Fast-tracking from physical to digital
01 November 2011
Point cloud data processing and 3D modelling software provides a rapid path for the re-design and production of the suspension arm for a one-eighth scale model racing car
R-Design Studio, a design and engineering firm based in Budapest, Hungary, refuses to be bound by conventions when it comes to finding the fastest path from design concept to final production. A recent project for R-Design’s Nimrod-Racing subsidiary is typical of the company’s approach. Faced with the challenge of redesigning the suspension arm for Nimrod-Racing’s Traxxas Slayer – a radio-controlled, one-eighth scale racing car model – R-Design’s engineers didn’t go back to the drawing board; they reached instead for their 3D scanner and Geomagic software.
First, the model car’s suspension arm was scanned by a GOM ATOS white-light scanner. This projects fringe patterns on the object's surface, which are then recorded by two cameras. The result is a triangulated mesh surface output as an STL file, which is then imported into the Geomagic Studio software to extract design intent. This software automatically identifies features such as planes, cylinders, cones, spheres, and extruded and revolved surfaces, enabling objects to be modelled as they were originally designed, with a combination of primitive shapes, swept features and freeform surfaces.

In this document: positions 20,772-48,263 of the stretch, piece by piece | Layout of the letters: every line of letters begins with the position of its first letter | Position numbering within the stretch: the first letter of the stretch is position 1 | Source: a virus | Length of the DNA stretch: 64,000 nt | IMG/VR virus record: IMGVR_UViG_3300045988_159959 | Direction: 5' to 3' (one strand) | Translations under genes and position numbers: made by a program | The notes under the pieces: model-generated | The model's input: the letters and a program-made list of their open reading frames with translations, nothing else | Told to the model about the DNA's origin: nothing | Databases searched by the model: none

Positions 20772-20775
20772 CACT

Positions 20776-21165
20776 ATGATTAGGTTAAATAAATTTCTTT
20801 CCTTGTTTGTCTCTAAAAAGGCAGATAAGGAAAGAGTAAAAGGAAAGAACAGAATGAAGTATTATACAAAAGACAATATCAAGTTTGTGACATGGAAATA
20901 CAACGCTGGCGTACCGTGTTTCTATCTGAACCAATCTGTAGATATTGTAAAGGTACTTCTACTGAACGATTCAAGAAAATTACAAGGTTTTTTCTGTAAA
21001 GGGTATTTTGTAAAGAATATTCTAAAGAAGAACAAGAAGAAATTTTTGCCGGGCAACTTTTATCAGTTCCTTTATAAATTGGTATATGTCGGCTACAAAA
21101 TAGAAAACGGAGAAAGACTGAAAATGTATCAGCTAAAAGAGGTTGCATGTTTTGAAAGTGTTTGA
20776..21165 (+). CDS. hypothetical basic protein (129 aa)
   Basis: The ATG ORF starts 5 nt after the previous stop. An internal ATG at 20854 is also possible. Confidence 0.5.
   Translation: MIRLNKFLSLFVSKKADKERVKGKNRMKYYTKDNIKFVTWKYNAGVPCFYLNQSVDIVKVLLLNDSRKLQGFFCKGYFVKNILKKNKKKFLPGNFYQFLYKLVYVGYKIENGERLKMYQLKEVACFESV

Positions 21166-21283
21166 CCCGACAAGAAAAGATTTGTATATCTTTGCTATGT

Once design intent was extracted, R-Design used Geomagic’s Parametric Exchange technology to directly transfer geometry from Geomagic Studio to SolidWorks. Parametric Exchange streamlines the design process by eliminating the need for intermediate neutral CAD transfer files such as IGES or STEP. Instead, 3D model data is transferred directly to popular parametric CAD systems where it can be edited immediately, as required.
The completed parametric model from Geomagic Studio was further refined in SolidWorks, where R-Design optimized the geometry and completed the redesign of the suspension arm using the CAD software’s built-in finite element analysis functions.
From digital to improved physical
The geometry was then sent to an Objet Eden 3D printer, which builds a part layer by layer with 16-micron accuracy, ensuring smooth surfaces and highly detailed parts. While the Objet printer is used primarily for manufacturing prototypes or finished parts, in this case it was used to create a silicon casting tool for R-Design’s vacuum casting system.
Within the casting system, carbon fibres and tapped inserts were placed into the silicon tool, which was filled with a special resin. The vacuum in the casting chamber enables the resin to completely fill the form, without bubbles. Small numbers of parts can be created – in this case, 100 pieces of the suspension arm – at a relatively low cost.
The combination of the optimised geometry created in Geomagic Studio and SolidWorks and the carbon-fibre composite material makes the new suspension arm ten times stronger while reducing its overall weight. Even if the car’s wheels collapse, the suspension arm won’t break.
The Nimrod-Racing project is a perfect example of R-Design’s ability to bridge the physical/digital divide in the service of speed and precision. And, if it takes breaking traditions, all the better for R-Design.
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